Dissertation/Thesis Abstract

A Qualitative Descriptive Study on the Influences of Working Conditions and Teacher Retention in Schools Serving Low-Income Minority Students
by Bethel, Courtney Milton, Ed.D., Northcentral University, 2020, 188; 28155040
Abstract (Summary)

Schools serving minority students living in poverty find it more difficult and challenging to hire and retain both new and experienced teachers as compared to schools serving students from wealthier communities. The problem addressed in this study was high teacher attrition in schools serving low-income minority students. Herzberg’s motivation-hygiene, two-factor theory served as the theoretical framework for the study. The purpose of this qualitative, descriptive study was to explore how teachers employed in one charter school network in the northeast describe factors related to working conditions that contribute to their retention in schools serving low-income minority students. A purposive sampling strategy was used to recruit 11 teachers who have been employed at their current charter school for five or more years. Data were collected through individual, semistructured interviews, and five teachers participated in a focus group. Saldana’s level 1 and 2 coding was used to inductively analyze data. Results revealed that job satisfaction was a combination of both intrinsic and extrinsic factors within the work environment based on, but not limited to, relationships, trust, support, growth, and autonomy that influenced teachers’ retention. Participants overwhelmingly mentioned positive working relationships, communications, and relational trust as key indicators essential to many functions within the organization. The results of this study may be used by The U.S. Department of Education, state departments of education, local education agencies, school administrators, and teachers to improve working conditions in schools serving low-income minority students to increase teacher retention. As the teacher shortage crisis continues to rise and the academic gap between students living in poverty and students living in middle class to wealthier communities widens, the practice of retaining effective teachers within schools serving low-income minority students for five or more years is imperative to address high teacher turnover and attrition and close the student achievement gap between white and minority students.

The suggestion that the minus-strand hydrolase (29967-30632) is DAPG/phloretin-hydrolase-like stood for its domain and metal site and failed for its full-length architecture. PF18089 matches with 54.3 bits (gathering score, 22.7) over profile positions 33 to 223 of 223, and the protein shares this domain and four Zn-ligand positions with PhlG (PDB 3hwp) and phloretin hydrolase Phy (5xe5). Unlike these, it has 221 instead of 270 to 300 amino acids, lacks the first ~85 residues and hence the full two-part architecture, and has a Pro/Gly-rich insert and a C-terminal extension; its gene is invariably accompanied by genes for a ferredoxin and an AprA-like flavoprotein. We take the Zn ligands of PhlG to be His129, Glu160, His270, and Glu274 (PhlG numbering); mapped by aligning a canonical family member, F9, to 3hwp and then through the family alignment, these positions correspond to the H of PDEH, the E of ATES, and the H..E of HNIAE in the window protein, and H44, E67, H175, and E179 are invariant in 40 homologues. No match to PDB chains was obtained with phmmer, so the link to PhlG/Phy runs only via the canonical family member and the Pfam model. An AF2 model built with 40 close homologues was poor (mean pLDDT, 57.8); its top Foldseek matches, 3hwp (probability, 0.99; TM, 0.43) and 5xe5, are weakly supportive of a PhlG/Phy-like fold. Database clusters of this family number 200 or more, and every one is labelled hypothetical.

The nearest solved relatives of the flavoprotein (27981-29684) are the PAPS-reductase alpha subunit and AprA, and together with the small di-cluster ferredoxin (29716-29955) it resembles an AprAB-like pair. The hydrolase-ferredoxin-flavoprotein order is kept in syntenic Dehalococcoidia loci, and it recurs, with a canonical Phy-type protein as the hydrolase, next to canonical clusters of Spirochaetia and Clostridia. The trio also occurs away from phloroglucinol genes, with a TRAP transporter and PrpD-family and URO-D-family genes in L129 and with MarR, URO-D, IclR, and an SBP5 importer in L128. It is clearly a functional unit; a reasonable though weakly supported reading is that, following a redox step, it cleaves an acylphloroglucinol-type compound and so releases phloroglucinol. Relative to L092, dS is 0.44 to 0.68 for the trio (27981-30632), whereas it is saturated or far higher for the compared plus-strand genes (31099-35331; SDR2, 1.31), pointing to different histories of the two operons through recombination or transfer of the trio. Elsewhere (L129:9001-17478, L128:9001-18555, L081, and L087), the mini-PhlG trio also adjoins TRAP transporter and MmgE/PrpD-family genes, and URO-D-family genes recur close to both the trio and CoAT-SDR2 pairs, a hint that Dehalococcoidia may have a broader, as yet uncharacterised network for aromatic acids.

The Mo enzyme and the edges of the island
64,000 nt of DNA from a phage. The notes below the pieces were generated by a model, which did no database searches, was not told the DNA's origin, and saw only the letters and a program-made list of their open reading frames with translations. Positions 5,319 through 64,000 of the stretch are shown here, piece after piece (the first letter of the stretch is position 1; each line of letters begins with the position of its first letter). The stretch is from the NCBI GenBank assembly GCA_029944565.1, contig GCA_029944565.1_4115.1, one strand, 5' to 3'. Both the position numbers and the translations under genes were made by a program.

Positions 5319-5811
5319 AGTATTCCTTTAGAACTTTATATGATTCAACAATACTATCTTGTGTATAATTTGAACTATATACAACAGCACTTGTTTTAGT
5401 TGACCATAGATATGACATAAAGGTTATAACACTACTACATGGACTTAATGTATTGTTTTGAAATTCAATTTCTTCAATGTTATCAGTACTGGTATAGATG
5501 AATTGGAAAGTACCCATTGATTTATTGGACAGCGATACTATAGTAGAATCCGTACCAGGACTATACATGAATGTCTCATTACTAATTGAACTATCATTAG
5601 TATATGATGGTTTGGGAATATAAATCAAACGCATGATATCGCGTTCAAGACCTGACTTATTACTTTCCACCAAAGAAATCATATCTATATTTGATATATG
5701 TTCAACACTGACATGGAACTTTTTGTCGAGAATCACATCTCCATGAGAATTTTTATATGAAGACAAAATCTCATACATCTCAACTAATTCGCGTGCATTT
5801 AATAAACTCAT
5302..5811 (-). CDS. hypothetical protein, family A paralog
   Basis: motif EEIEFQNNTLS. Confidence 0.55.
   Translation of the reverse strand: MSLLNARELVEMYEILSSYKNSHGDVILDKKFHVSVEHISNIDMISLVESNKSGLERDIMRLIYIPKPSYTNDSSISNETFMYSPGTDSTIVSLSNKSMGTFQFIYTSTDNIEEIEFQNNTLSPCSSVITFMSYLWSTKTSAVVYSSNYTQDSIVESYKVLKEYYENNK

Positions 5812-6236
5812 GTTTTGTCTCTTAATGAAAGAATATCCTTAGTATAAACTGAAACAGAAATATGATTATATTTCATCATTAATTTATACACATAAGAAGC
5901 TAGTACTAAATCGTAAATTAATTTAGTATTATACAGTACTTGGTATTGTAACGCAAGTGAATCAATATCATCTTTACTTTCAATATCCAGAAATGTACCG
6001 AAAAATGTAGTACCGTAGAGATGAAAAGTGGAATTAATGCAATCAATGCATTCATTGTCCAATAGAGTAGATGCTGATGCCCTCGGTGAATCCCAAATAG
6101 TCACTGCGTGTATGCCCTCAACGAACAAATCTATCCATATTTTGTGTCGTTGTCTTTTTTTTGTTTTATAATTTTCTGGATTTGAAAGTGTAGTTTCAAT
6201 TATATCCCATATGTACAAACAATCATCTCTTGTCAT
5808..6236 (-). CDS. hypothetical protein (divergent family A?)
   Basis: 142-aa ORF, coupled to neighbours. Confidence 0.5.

Indexing (document details)
Advisor: McClendon, Cristie, Pucci, Thomas
Commitee:
School: Northcentral University
Department: School of Education
School Location: United States -- California
Source: DAI-A 82/6(E), Dissertation Abstracts International
Source Type: DISSERTATION
Subjects: Environmental education, Behavioral Sciences, Teacher education, Educational leadership, Educational sociology, Ethnic studies, Educational administration, Education Policy
Keywords: Hygiene-motivation, Teacher attrition, Teacher dissatisfaction, Teacher retention, Teacher satisfaction, Working conditions, Minority students, Low-income students, Northeastern United States, Charter school, U.S. Department of Education, Achievement gap
Publication Number: 28155040
ISBN: 9798698555575
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